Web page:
DOE Zero Energy Ready Home (Revision 07)
Exhibit 1 Mandatory Requirements.
Exhibit 1, Item 1) Certified under the ENERGY STAR Qualified Homes Program or the ENERGY STAR Multifamily New Construction Program.
Exhibit 2 DOE Zero Energy Ready Home Target Home.
The U.S. Department of Energy’s Zero Energy Ready Home program allows builders to choose a prescriptive or performance path. The DOE Zero Energy Ready Home prescriptive path requires builders to meet or exceed the minimum HVAC efficiencies listed in Exhibit 2 of the National Program Requirements (Rev 07), as shown below. The DOE Zero Energy Ready Home performance path allows builders to select a custom combination of measures for each home that is equivalent in performance to the minimum HERS index of a modeled target home that meets the requirements of Exhibit 2 as well as the mandatory requirements of Zero Energy Ready Home Exhibit 1.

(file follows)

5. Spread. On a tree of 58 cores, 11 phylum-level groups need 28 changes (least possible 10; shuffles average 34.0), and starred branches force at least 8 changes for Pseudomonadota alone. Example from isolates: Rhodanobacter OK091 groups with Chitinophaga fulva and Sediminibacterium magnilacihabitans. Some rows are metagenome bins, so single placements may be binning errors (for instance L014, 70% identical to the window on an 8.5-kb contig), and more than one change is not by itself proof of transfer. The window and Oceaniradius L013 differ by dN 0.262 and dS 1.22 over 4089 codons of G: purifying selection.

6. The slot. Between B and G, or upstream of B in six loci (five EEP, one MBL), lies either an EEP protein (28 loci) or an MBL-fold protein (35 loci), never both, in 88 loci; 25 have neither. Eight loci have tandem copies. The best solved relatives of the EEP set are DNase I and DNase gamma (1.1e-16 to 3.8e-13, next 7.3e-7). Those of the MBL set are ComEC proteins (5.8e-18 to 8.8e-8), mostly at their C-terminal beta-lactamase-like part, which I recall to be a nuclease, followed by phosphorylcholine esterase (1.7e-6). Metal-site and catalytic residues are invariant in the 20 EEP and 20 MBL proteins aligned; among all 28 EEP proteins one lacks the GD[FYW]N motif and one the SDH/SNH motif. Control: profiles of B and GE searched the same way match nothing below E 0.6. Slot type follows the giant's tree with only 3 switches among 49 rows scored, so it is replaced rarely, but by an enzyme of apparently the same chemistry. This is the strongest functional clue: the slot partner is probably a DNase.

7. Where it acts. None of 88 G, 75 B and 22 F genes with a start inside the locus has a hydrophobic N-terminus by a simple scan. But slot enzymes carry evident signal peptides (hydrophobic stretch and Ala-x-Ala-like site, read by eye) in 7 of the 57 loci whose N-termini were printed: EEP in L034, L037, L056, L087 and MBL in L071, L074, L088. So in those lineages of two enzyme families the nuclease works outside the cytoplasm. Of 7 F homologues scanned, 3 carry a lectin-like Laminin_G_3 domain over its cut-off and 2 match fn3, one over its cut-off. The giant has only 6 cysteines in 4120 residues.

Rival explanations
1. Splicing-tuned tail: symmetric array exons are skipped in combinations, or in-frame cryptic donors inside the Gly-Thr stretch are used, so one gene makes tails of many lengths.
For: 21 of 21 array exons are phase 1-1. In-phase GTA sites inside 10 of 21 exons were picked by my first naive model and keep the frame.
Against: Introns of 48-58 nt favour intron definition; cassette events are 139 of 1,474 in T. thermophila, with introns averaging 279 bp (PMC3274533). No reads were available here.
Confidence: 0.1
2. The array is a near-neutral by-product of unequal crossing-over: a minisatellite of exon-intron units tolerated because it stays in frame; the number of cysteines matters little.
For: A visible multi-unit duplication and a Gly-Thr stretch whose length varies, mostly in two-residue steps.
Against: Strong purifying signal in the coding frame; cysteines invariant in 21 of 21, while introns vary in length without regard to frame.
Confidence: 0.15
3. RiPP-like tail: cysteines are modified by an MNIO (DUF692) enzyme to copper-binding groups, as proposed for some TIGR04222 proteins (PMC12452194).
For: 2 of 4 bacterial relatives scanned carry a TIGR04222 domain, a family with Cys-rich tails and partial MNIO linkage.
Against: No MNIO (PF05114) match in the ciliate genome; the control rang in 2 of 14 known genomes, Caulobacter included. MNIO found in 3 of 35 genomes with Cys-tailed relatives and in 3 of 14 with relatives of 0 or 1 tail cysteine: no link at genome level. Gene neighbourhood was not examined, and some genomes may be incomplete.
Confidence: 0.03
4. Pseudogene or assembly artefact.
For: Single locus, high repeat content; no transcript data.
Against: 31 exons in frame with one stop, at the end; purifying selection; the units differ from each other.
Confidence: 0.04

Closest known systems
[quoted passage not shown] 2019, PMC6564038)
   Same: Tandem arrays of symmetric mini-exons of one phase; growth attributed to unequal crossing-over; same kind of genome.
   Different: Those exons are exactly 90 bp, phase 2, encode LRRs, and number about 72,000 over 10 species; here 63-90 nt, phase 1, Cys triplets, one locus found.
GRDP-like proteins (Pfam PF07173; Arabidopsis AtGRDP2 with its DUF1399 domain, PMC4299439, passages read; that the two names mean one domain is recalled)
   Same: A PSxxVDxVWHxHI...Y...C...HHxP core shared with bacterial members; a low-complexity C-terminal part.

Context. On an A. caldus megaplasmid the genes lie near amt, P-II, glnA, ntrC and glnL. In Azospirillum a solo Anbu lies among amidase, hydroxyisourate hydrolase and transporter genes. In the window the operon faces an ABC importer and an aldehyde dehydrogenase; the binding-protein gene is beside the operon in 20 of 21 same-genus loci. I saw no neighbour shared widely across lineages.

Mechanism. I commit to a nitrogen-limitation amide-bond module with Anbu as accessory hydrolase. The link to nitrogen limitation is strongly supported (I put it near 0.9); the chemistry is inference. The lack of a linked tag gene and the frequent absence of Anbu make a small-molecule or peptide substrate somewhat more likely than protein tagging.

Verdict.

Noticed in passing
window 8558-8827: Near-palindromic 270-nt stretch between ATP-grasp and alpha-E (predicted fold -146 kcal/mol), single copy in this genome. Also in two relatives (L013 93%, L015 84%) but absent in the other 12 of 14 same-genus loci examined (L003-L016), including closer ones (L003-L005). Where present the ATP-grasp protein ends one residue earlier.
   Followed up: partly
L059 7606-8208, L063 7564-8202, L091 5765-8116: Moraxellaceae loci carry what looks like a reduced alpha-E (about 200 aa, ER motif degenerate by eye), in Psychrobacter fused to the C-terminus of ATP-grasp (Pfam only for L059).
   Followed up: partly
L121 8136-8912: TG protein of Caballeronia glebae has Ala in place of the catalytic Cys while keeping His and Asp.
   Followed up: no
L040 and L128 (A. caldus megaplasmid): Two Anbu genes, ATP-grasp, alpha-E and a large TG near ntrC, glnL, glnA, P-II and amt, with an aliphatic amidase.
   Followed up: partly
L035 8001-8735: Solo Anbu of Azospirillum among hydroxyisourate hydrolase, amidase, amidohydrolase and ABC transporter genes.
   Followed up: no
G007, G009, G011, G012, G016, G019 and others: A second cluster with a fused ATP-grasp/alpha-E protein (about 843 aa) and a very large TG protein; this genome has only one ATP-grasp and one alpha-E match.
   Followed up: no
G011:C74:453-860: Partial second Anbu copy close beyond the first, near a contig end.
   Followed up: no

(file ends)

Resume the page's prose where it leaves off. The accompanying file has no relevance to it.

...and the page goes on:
Footnote 21) DOE recommends, but does not require, that cooling systems in hot/humid climates utilize controls for immediate blower shutoff after condenser shutoff, to prevent re-evaporation of moisture off the wet coil.
Footnote 22) Air source heat pumps with electric resistance backup cannot be used in homes qualified in Climate Zones 7 & 8 using the Prescriptive Path.
2009 International Energy Conservation Code (IECC)
403.1 Each heating and cooling system should have its own thermostat. If the primary heating system is a forced-air furnace at least one thermostat must be programmable and capable of controlling the heating and cooling system on a schedule to maintain different temperatures at different times of the day.
403.2 Ducts - Insulate supply ducts in attics to at least R-8 and all other ducts to at least R-6. Duct tightness shall be verified as described in 403.2.2 Sealing.
403.6 Heating and cooling equipment sizing shall be in accordance with Section M1401.3 of the 2009 International Residential Code.
403.1 Each heating and cooling system should have its own thermostat. If the primary heating system is a forced-air furnace, at least one thermostat must be programmable and capable of controlling the heating and cooling system on a schedule to maintain different temperatures at different times of the day.